回顧免疫正常病患的皮膚和軟組織感染


  【24drs.com】April 13, 2010 — 一篇刊載於4月1日美國家庭醫學科期刊(American Family Physician)的回顧,指出免疫正常的皮膚及軟組織感染(skin and soft tissue infections,SSTIs)病患的更新版診斷與治療策略,特別是社區感染型抗藥性金黃色葡萄球菌(MRSA)。
  
  北卡羅來納大學教堂山分校醫學院James Owen Breen醫師寫道,門診病患越來越多表面軟組織感染案例,從1993-2005年,美國的皮膚感染急診案例增加將近3倍,社區感染型MRSA大量增加,造成了治療SSTIs方法的改變。
  
  因為SSTIs的發生率增加,家庭醫師必須熟悉如何處置這些狀況,複雜的SSTIs包括全身性毒性的證據,手術傷口感染;肛周感染;動物或人咬傷;壞死性軟組織感染;以及免疫功能受損病患的SSTIs。
  
  【SSTIs的類型】
  SSTI的化膿類型包括膿腫、毛囊炎、癤與膿瘡。膿腫是真皮內化膿,與紅斑和膿瘍形成有關,多種微生物引起,通常包括皮膚菌叢(葡萄球菌和鏈球菌)以及鄰近周邊黏膜的有機體,如果肛周或會陰週邊區域感染,膿腫即為複雜性SSTI的特徵。
  
  毛囊炎定義是化膿位置侷限在表皮,通常傾向發生在磨擦或多汗的身體部位。癤是毛囊週邊化膿且擴散到皮下組織,膿瘡是多個癤發生在一起,在免疫正常的病患,這些類型的SSTIs是由金黃色葡萄球菌引起。
  
  非化膿性的SSTIs包括蜂窩性組織炎、丹毒以及膿疱病。蜂窩性組織炎有一個邊緣相當清楚的紅腫熱痛患部,由鏈球菌引起但無化膿、或者葡萄球菌引起而有化膿,併發症包括淋巴管炎、壞死性感染、或壞疽。
  
  丹毒和嚴重紅斑有關且有明確邊緣,β-溶血型鏈球菌引起的疼痛斑點。膿疱病的特徵是形成痂皮的滲出物,有小膿疱或小水疱,通常出現在學齡前孩童或者衛生不佳、溼度高、溫暖的情況。
  
  【治療選項】
  直徑小於5公分的無併發症膿腫,主要治療方式為手術引流,用自來水或滅菌水沖洗傷口的結果差不多。
  
  發燒、心搏過速、低血壓或其他全身性感染症狀,都是需要住院治療的警訊,對於有生命危險或感染迅速惡化的病患,需要緊急手術。
  
  應確認當地的細菌抗藥性和敏感性模式,以選擇適用的抗生素。對於無併發症SSTIs且無局部癒合或創傷的病患,β-內醯胺抗生素是MRSA可能性低者的第一線治療藥物。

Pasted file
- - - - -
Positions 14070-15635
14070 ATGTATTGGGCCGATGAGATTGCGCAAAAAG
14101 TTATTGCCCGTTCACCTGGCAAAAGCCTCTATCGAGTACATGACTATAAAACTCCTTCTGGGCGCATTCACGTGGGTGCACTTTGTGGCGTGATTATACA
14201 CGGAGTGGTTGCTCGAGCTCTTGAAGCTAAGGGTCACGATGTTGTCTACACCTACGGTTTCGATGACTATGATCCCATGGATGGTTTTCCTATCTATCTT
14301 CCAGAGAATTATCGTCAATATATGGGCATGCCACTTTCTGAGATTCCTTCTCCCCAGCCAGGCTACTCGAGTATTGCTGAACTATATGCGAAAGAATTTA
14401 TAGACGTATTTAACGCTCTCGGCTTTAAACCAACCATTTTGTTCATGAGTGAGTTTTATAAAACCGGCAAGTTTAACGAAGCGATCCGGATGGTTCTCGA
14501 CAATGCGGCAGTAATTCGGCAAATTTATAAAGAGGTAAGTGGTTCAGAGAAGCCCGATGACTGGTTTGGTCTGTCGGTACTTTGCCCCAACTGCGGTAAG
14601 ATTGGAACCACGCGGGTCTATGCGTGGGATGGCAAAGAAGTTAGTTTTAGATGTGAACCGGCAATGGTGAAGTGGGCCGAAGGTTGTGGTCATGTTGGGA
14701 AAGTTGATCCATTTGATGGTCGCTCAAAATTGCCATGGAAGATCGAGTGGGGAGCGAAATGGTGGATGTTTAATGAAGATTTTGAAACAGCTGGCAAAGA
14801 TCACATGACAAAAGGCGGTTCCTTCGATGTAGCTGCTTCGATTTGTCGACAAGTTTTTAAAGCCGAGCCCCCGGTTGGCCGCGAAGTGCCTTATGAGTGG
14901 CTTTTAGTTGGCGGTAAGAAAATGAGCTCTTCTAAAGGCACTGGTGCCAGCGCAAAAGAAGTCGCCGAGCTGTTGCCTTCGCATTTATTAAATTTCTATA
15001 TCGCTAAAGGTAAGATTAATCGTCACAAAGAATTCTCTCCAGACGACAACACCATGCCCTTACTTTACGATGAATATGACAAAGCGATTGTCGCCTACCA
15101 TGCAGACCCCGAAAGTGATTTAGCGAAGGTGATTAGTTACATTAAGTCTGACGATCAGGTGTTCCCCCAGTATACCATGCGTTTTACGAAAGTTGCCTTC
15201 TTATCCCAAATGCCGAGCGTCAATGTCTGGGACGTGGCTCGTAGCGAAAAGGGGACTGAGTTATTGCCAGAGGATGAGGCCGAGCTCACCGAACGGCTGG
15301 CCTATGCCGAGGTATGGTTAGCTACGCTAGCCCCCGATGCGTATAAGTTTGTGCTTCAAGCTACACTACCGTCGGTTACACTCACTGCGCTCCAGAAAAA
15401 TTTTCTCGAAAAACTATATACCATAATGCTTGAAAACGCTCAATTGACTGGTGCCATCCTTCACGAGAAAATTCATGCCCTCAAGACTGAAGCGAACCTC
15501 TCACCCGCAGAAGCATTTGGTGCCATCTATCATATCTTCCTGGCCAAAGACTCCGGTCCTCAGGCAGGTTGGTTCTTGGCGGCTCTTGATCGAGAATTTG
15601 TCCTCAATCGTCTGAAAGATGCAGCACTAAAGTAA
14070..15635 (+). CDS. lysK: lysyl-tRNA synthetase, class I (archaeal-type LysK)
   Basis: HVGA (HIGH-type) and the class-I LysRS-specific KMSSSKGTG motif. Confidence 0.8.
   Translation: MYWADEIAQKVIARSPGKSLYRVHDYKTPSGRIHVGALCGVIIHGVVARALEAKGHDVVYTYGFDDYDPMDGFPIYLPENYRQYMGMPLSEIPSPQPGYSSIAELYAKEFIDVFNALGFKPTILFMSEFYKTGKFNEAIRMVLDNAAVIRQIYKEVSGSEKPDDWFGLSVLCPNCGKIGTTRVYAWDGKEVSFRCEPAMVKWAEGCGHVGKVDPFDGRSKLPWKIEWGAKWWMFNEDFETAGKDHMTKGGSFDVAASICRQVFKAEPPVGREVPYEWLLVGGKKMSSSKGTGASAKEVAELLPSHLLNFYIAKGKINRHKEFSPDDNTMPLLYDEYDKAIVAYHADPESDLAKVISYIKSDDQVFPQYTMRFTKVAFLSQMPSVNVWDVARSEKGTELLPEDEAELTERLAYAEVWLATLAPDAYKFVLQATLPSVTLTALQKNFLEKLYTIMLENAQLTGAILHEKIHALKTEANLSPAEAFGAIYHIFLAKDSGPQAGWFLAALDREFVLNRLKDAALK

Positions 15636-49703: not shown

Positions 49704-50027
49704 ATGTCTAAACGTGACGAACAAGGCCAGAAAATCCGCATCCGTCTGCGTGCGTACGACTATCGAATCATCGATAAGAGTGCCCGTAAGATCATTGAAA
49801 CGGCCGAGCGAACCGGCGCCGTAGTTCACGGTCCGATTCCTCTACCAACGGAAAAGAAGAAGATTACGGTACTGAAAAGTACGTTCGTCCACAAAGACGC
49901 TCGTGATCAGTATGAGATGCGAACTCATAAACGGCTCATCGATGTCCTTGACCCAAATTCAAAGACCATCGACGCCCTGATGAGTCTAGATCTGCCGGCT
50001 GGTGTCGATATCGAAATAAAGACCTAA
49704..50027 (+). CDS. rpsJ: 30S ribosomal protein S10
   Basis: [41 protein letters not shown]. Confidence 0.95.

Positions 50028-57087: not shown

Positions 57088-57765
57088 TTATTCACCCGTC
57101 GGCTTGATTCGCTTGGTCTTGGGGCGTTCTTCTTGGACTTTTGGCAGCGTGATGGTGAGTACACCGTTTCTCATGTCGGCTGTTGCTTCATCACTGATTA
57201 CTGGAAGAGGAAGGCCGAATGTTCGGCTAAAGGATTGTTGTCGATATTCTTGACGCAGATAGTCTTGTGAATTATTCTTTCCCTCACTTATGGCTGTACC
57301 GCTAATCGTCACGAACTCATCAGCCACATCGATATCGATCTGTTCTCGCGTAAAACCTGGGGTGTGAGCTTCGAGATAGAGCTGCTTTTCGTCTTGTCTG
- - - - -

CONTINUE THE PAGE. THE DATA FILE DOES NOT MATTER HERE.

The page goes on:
若要以經驗性療法治療無併發症SSTIs的MRSA,建議使用口服藥物(例如tetracyclines、trimethoprim/sulfamethoxazole以及clindamycin),對於住院病患,MRSA的第一線藥物為vancomycin。 Linezolid、daptomycin、tigecycline以及其他新藥只可用於vancomycin無效或無法耐受vancomycin的病患。
  
  到目前為止,證據並不支持使用鼻用型mupirocin或抗菌身體洗劑來除去病患身上的或接觸物品上的MRSA。預防MRSA的主要方式還是適當的經常洗手,以及其他標準的感染控制注意事項。
  
  【主要建議】
  實務上的特殊關鍵臨床建議,以及相關的證據等級如下:
  * 對於無併發症的SSTIs病患,不需要傷口和血液培養,因為培養結果很少會改變處置決定(證據等級:C,根據回溯分析)。
  * 對於無併發症之SSTIs、直徑小於5公分的膿腫 ,通常只要切開引流即可治癒(證據等級:A,根據回溯病歷回顧與隨機雙盲試驗)。
  * 對於SSTIs的手術引流,使用自來水和滅菌水進行傷口灌洗的臨床結果沒有差異(證據等級:A,根據都市小兒急診的前瞻試驗)。
  * 醫師在開始使用經驗性抗生素治療無併發症的SSTIs時,應考慮地區盛行率以及MRSA與其他病原菌之抗藥性模式(證據等級:C,根據專家意見)。
  * 除掉MRSA帶原狀態並不會降低臨床MRSA感染的發生率(證據等級:A,根據一篇隨機雙盲試驗與Cochrane資料庫回顧)。
  
  Breen醫師結論表示,應執行標準化的感染控制注意事項,並鼓勵所有可行動的病患與住院病患執行,還要包括適當且規律的洗手,對於已知或疑似MRSA感染的病患,處置傷口時要戴手套,接觸時要遵守注意事項(例如戴頭套或手套,根據相似的感染分類病患),為了預防SSTIs,目前的共識指引支持對糖尿病、足癬、靜脈曲張或淋巴水腫導致足部水腫之病患進行適當的足部照護。
  
  Breen醫師宣告沒有相關財務關係。